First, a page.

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Michael Kulma, a Korea specialist at the Asia Society, said the fact that Mr. Kim did not appear in public Tuesday was not necessarily an indication that he was incapacitated.

“There have been times in the past where he has gone missing, or fallen off the radar for up to a month at a time,” Mr. Kulma said. “But this may be different. … He is getting older, has diabetes and heart problems, and each of these grows more serious over time.”

Mr. Kim is known for his enjoyment of good food and wine. His former sushi chef, Kenji Fujimoto, was quoted by Bradley Martin in his book, “Under the Loving Care of the Fatherly Leader,” as saying that Mr. Kim had a wine cellar with 10,000 bottles in it and a fondness for shark’s fin soup.

The issue of succession is a major concern.

Mr. Chinoy said there were “question marks” about all of Mr. Kim’s three sons. “This is not a good time to have leadership uncertainty in North Korea,” he said.

A former U.S. official who dealt with North Korea and remains well-informed about the country said that rumors of Mr. Kim’s ill-health “seem a bit more intense than those of previous years.”

“That still doesn’t mean they are true,” he said.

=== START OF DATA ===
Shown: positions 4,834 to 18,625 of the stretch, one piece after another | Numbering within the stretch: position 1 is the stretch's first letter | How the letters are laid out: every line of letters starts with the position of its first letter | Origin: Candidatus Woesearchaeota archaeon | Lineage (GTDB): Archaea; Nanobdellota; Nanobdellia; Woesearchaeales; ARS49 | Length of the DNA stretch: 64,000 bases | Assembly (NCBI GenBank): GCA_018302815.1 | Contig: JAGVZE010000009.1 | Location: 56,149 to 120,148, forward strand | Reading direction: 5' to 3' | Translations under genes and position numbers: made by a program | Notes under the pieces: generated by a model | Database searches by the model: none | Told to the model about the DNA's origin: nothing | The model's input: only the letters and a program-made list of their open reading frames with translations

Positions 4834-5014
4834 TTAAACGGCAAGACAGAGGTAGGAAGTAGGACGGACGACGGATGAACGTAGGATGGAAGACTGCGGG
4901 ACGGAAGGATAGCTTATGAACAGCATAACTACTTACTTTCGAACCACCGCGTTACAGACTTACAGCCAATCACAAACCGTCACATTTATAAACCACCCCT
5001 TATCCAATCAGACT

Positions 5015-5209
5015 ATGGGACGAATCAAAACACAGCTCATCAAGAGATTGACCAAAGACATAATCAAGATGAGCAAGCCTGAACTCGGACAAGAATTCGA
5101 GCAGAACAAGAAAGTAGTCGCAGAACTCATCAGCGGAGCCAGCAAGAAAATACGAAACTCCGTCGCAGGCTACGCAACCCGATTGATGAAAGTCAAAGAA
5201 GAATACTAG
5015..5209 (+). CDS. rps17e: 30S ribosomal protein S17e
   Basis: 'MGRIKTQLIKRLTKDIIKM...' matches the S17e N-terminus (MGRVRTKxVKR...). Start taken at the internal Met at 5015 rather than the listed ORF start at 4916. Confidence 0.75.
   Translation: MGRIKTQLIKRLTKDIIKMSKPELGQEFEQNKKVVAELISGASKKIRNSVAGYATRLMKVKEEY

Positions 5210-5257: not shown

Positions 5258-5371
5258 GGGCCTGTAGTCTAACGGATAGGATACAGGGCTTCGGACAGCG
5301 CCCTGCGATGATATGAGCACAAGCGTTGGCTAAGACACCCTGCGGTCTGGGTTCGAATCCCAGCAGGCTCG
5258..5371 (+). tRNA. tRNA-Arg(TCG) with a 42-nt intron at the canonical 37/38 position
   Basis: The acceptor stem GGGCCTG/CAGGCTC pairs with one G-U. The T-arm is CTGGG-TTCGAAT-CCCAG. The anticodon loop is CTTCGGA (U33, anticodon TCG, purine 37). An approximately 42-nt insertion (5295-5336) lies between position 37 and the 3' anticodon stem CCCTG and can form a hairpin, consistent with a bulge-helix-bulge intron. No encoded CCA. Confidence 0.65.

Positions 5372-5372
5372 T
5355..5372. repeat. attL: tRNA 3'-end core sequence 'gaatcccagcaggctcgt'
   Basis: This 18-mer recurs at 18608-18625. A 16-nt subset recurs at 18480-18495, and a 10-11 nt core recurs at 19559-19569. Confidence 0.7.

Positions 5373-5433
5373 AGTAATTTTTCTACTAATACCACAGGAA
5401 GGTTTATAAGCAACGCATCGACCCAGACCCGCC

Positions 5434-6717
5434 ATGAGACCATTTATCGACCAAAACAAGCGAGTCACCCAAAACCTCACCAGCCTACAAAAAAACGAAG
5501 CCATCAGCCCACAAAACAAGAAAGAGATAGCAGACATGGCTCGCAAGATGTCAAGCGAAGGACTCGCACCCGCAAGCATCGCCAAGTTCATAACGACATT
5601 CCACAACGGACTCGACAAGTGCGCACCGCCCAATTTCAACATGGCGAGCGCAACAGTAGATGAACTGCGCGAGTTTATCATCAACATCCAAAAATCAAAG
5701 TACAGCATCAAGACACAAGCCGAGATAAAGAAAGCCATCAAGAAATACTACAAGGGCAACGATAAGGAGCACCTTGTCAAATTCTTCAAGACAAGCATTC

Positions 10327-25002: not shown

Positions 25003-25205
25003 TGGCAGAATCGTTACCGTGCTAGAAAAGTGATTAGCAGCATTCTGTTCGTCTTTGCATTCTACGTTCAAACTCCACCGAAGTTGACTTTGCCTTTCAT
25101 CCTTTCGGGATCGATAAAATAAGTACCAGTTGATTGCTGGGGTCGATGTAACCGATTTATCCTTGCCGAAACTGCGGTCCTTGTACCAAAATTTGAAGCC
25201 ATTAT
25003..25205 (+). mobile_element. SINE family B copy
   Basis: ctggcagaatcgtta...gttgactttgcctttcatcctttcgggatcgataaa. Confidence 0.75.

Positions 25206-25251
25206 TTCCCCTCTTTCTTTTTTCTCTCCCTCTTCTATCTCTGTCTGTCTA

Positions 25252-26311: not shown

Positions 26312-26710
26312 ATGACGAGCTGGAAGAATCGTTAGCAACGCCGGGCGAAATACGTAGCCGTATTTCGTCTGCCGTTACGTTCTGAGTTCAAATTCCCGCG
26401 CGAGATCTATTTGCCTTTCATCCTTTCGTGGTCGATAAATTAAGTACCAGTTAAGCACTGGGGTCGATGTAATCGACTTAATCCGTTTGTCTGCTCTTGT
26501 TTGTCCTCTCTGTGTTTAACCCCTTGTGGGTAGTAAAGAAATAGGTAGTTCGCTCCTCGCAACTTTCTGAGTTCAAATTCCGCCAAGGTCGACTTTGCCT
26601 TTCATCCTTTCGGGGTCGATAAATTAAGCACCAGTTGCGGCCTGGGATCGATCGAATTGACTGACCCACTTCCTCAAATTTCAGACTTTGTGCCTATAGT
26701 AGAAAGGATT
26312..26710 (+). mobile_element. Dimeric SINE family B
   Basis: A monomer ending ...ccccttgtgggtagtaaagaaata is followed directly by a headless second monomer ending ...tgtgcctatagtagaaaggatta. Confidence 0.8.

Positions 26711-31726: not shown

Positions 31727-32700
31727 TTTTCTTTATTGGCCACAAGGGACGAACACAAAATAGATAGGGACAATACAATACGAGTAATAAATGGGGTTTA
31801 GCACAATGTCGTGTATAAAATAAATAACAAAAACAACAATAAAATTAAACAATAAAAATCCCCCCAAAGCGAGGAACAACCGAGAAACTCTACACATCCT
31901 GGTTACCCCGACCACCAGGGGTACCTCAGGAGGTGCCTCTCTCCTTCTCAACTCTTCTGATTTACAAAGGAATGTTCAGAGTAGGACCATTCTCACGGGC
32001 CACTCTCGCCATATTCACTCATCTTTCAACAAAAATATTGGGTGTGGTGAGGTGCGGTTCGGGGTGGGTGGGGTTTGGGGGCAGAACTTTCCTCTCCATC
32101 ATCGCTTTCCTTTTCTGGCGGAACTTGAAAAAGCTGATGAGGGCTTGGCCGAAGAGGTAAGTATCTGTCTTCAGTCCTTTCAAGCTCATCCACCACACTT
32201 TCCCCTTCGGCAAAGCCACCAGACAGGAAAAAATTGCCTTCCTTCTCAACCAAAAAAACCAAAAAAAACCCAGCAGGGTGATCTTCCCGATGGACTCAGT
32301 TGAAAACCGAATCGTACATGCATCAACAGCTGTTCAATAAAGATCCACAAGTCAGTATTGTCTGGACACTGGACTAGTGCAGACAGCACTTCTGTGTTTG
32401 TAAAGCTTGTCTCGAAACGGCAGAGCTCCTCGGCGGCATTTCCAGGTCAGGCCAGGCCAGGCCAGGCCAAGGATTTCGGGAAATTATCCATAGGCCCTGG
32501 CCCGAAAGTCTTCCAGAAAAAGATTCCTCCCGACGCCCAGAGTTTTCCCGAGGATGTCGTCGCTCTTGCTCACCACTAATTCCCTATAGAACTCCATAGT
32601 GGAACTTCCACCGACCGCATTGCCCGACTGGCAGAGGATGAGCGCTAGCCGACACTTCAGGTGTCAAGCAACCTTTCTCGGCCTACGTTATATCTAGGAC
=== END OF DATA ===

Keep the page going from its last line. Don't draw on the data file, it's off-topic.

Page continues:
The former official, who asked not to be named because he still has dealings with the North Koreans, said the United States should keep in mind that North Korea has remained “a remarkably stable place over the years, despite its erratic, dangerous and occasionally self-defeating policies,” including a famine that killed perhaps 2 million of the country’s 22 million people in the 1990s.

“Kim Jong-il’s health has not been good over the years, and one can’t help but think that the North Koreans, who prize the preservation of their system above all else, would have made plans to ensure that they would be able to put in place the new leadership that would allow them to do so. However, someday, perhaps soon, we will have to deal with the demise of the North Korean leader,” the former official said.

“This raises the question about whether our mutual isolation has left us more ignorant of the developments in the North than we should be, and less able to, perhaps, control events by reaching out to the next generation of leaders than we ought to be.”

  • Betsy Pisik at the United Nations and Barbara Slavin in Washington contributed to this article.